The morning began with a full briefing on the whole Coffee4Craig, how it was founded and how it has become what it is today. It was really interesting to listen to how they started off with the charity, and how it is really close to their hearts as the founder of the business brother died from a heroin addiction and overdose. He then went on through social media and many other areas, to link up with other homeless charities in Manchester and learnt the ropes on how and what he needed to do to succeed. He went forward to grow Coffee4Craig to what it is today. It started very small, to now having its own premises in Manchester city centre. They are currently a unique organisation being the only charity that is open in the evening offering meals to the homeless. They generally have around 60 guests each night that they cook for, offering quality healthy food to the needy. They offer at least 2 options and a pudding! Custard apparently is a big deal for the guests and has to be part of the menu.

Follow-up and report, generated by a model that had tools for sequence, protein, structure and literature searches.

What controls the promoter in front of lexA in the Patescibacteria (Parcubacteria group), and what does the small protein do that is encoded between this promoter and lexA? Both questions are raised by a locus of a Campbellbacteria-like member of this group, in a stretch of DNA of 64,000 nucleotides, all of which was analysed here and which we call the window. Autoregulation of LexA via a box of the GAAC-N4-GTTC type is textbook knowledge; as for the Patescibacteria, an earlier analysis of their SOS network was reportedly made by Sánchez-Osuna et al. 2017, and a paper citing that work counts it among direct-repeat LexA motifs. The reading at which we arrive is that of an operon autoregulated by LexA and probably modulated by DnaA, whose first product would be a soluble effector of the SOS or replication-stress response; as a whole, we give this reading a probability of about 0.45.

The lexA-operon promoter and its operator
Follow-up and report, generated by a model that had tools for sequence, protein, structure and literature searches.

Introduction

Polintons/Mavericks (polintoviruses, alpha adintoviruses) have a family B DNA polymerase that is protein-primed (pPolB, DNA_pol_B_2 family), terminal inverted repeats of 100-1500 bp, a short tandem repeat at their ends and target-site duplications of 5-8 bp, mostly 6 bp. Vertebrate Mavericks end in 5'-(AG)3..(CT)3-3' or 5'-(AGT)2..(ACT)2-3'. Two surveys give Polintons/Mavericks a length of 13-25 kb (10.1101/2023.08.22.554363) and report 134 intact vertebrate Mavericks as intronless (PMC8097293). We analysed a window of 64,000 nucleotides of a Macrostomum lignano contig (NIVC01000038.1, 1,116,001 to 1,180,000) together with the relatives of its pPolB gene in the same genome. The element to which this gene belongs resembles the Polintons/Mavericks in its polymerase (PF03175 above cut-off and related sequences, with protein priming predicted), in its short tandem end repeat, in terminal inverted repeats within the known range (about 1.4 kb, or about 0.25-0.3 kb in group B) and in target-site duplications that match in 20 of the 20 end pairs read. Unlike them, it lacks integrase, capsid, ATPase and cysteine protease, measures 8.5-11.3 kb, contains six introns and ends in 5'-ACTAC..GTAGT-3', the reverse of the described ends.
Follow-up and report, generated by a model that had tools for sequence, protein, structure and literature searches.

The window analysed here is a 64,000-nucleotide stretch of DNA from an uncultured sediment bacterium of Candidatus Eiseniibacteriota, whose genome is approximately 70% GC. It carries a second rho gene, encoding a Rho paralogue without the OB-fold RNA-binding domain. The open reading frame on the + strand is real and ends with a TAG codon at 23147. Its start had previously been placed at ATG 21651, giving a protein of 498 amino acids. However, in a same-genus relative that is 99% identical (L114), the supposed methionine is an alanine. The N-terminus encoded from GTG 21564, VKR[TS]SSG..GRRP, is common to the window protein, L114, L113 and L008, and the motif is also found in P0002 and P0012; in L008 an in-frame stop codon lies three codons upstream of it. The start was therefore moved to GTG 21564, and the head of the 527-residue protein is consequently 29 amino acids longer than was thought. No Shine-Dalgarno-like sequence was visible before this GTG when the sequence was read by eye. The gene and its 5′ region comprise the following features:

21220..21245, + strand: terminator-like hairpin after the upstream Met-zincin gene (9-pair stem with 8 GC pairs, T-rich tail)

They also offer a multitude of other things - showers, washing / drying clothes, haircuts, first aid and provide clothes, toiletries and sanitary items each night. There is a social element in that the guests can chat and play a number of games, or read books if they prefer. They have a reigning champion chess player who has not been beaten yet, which he is very proud of. Many of their guests are drug users and have a multitude of issues including mental health – the team has built relationships with the guests and have become a huge part of their lives.

We learnt about the difficulties they are under and how easy it is for their guests to have access to drugs - the area if renown for this and just around the corner anything is easily obtained. They can only do what they can but generally they work until 10 am – 10pm each night including Christmas.

In Elle’s words ‘Christmas is a lovely time here and I wouldn’t want to be anywhere else on this day’ which was very heart-warming to hear. They have paid staff, which all get paid the same rate from the cleaner to the CEO. They also have many volunteers from different walks of life, many of them been through similar situations themselves and now helping others.